Tuesday, June 16, 2009

Washington, D.C. 29.12.91: Country Churches and Urban Decay

Writing this in D.C. On Friday, Steve and I drove to Raleigh and spent a night with his cousins. Then on Saturday we drove to the Eastern Shore of Virginia and spent the night at Nassawadox. Drove today to D.C.

The weather foul—i.e., drizzly, or as they say in Newfoundland, mizzling. Foul i.e. for driving, but oddly beautiful otherwise. It’s warm—up near 60◦—and everything on the Eastern Shore was fog-enshrouded.

When we arrived last p.m., it was already turning dark at 4 P.M. But we had time to see Christ Church Episcopal church in Eastville, an 1832 (?) church of the original Hungars Parish. Cemetery full of Nottinghams. The Eastville courthouse dates from 1731 (?), and court has been held in the county from the 1670s, I believe. All is built around a commons—old, small, red-brick buildings with nice glass windows (in churches as well) and a small green in the middle.

After Eastville, we drove down the Wilsonia Neck road, where the Monks and Nottinghams lived, south of the road, between Hungars and Deep Creek. Saw the little 17th-century house called Pear Valley that appears in Whitelaw’s book on the Eastern Shore. Several of the large houses nearby—including, apparently, the one owning the P.V. cottage—are for sale.

In the morning, we returned, going via the older Hungars Parish church north of Eastville, which is strange to see. An Episcopal church out in the country, fields and pine trees all around, pick-up trucks in the churchyard—for all the world, the same feel as a Baptist church in north Louisiana.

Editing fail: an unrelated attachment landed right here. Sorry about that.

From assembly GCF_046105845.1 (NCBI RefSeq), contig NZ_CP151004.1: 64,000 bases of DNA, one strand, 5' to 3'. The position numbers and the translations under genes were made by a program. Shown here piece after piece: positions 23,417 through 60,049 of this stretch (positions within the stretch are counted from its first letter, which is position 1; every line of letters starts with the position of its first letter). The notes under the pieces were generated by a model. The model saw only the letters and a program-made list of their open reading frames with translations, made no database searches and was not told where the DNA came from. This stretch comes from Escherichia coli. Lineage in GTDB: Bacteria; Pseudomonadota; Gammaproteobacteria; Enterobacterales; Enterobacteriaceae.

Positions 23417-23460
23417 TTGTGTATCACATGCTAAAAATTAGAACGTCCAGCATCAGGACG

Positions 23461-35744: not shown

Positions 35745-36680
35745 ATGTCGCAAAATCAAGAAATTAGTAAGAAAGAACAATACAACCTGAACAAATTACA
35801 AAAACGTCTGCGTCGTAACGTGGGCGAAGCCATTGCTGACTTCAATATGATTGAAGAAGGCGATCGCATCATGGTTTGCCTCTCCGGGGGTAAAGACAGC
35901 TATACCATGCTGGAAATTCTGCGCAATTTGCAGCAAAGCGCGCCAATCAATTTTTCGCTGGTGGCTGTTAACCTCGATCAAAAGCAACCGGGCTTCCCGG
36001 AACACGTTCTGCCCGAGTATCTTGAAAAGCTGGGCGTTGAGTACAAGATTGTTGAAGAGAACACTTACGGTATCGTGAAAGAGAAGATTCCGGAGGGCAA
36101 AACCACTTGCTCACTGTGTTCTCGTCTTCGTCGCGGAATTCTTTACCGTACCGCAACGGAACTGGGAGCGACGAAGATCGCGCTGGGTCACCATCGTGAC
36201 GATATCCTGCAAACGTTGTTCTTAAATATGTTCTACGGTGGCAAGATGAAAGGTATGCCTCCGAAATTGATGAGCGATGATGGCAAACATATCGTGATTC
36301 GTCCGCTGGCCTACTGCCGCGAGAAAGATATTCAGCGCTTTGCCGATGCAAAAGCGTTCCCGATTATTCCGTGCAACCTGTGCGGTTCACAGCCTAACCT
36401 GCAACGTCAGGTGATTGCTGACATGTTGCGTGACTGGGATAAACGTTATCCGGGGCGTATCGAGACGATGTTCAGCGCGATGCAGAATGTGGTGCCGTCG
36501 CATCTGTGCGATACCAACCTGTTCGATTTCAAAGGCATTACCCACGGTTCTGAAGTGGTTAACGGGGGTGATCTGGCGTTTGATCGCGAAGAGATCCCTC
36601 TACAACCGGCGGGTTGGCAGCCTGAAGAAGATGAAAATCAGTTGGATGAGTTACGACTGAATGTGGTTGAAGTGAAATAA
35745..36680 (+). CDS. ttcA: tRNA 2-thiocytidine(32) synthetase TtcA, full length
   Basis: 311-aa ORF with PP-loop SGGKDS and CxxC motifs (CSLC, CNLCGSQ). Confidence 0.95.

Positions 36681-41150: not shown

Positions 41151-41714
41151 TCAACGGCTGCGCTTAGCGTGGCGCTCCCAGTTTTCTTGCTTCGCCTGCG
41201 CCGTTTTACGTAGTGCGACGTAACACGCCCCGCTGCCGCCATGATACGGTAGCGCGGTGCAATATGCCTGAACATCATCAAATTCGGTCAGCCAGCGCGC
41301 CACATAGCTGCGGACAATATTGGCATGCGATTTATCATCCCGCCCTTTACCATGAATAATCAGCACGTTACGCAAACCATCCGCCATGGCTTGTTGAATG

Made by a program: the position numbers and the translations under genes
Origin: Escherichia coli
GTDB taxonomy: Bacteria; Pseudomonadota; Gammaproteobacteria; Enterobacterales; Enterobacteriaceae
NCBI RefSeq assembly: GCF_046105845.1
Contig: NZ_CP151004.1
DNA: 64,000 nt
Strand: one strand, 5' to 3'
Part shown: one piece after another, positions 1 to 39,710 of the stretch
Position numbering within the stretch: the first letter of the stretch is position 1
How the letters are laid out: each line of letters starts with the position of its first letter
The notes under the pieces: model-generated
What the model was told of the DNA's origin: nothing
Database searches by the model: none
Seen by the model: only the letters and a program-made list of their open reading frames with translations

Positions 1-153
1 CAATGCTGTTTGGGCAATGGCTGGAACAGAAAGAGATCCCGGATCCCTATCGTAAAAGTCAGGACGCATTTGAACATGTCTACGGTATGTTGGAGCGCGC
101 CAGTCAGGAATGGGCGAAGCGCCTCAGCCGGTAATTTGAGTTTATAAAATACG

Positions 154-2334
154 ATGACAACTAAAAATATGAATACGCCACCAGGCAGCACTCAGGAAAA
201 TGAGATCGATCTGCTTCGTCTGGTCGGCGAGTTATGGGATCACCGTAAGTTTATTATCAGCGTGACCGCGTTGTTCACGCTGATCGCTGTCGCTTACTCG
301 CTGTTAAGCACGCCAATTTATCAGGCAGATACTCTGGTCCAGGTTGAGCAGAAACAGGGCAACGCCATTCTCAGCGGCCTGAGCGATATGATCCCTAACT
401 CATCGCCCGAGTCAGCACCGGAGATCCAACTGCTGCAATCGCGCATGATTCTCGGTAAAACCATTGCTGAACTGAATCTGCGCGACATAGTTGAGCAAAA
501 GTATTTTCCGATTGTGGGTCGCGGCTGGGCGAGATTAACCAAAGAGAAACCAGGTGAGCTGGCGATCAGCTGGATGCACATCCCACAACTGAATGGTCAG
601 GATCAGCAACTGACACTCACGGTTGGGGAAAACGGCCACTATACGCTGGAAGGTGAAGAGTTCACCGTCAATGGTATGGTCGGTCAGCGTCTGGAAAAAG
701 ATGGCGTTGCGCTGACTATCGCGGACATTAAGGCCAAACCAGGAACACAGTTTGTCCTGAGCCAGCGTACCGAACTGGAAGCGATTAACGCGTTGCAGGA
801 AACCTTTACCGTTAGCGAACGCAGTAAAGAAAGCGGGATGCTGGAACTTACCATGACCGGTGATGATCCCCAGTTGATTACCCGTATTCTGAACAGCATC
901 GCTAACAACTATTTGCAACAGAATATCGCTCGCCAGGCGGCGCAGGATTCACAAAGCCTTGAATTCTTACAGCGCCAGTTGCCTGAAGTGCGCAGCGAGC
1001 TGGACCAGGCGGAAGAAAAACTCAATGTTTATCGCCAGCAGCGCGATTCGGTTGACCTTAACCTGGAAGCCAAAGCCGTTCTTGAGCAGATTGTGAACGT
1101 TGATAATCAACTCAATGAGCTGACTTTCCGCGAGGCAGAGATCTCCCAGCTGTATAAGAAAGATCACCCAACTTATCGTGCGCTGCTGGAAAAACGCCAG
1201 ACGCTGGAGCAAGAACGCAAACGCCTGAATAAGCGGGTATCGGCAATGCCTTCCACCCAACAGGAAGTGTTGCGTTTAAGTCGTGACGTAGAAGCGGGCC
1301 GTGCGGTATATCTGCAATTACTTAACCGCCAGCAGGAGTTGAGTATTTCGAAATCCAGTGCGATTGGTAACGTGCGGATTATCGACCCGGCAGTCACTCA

I wanted to putter about in the cemetery, but church was going on and I felt abashed to be seen tripping and tipping over Wilkins and Mapp graves, as service sent on. The church itself as plain as any evangelical one, telling a lot about the variety of plain, non-sacramental Anglicanism my forefathers brought to Virginia. Of whitewashed brick, square, plain glass windows. I felt very keenly at home, especially in the silence of the surrounding fields, broken only by a whush of birds in the grass verges now and then. Very, very like the area of Cashie Neck where Nottingham Monk settled. . . .

D.C. is a shambles—homeless people everywhere, 480+ people murdered this year, urban decay that boggles the mind. Yet in it all, I sense hope in the open and alive presence of gay people around Dupont Circle, in the movement away from the dead and forward to the new and living in reappraisal of gender roles, increasing frankness re: the monstrous stupidity of the Reagan era, multiculturalism, artistic revisioning. I’m babbling—tired and feeling a bit hopeless myself.

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